So, if expanding your beats isn’t your go-to ploy for financial success, what other tactics might one use? Ella, for one, is a huge proponent of freelance shifts on news desks. “There’s never a guarantee that any of this is ever going to be sustainable, even if it is for the next three weeks, or the next three months,” she says. “You might not really shifts, and they might not pay loads, but you know you’re always going to have them.”
Douglas agrees: “Keep an eye out for shifts at newspapers and magazines you read,” he says, adding to “accept commercial work wherever you find it.” Shifts can be an vital antidote for the inconsistency of work that banes most-every freelancer across industries, and while diversifying beats tends to offer more gig opportunities, it doesn’t always guarantee more work month-by-month.
“I think you have to be aware of commercial opportunities, and not feel like you’re devaluing your work as a consequence of doing those things,” says Douglas. “There’s definitely a middle ground between doing glorified PR for someone, and accepting a commercial rate for a job. My personal safety net is as much music biographies and media training for artists as my i-D work, which is permalance stuff.”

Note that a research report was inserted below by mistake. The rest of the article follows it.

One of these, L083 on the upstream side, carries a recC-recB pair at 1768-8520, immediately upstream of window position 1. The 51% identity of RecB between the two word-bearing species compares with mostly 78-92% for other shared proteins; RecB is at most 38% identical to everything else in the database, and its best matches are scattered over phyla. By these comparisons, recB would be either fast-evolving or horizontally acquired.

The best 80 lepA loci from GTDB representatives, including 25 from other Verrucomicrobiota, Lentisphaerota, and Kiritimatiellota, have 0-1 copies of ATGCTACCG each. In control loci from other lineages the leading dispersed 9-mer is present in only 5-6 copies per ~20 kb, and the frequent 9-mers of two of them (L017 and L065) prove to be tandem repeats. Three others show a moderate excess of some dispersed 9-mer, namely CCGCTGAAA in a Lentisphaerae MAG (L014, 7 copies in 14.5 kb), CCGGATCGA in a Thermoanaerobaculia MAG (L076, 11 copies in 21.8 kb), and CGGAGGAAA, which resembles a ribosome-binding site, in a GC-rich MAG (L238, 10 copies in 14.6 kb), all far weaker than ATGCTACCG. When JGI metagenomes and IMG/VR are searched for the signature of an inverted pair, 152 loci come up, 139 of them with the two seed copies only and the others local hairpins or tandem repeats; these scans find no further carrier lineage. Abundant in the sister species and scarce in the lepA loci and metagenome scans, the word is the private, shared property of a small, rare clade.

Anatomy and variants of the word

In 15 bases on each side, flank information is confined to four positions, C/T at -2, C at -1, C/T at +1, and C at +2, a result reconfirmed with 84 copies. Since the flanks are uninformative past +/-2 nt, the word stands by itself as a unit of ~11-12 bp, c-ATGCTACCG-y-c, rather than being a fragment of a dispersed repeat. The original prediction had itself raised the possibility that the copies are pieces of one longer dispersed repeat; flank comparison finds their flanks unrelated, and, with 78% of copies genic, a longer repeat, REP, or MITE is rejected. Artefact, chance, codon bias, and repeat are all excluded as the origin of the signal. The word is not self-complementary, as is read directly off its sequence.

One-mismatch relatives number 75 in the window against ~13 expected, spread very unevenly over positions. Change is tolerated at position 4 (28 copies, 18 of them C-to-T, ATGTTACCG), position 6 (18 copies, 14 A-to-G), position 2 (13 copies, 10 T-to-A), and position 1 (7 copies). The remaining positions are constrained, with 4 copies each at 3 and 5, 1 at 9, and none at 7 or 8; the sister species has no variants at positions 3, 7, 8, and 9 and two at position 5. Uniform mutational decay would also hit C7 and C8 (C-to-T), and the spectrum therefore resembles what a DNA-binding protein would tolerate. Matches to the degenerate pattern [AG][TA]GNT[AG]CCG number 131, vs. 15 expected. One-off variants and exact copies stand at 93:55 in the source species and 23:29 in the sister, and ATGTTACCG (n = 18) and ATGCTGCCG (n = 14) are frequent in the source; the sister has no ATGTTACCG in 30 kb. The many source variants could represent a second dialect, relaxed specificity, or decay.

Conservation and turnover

He’s keen to note, too, that shift work isn’t just about giving yourself an additional revenue stream — those collective experiences, of working with writer colleagues day-by-day, can be immensely conducive to one’s growth as a journalist. “I don’t actually find it at all that laborious, I find it to be a very fruitful experience, in terms of learning how to edit, and commission,” he says.
It’s a numbers game, really. The more stuff you’re open and willing to cover, the more authority you feel you can imbue in your work across subjects, the more opportunities that are going to arise. It is fundamentally the job, after all: some of the best writers out there boast an eclectic output because the ability to rigorously research a subject alien to your own subjectivities, passions or desires is just, well, journalism.
Yes, we live in a current moment where proximity is elevated as authority, and that can lend crucial insights for, say, a first-person op-ed; but when it comes to traversing from cinema to art, art to music, or music to sport? Be bold! It’s all culture, anyway, and the overlaps are far more distinct than one might imagine: and hey, if an editor likes what you do, nothing else matters.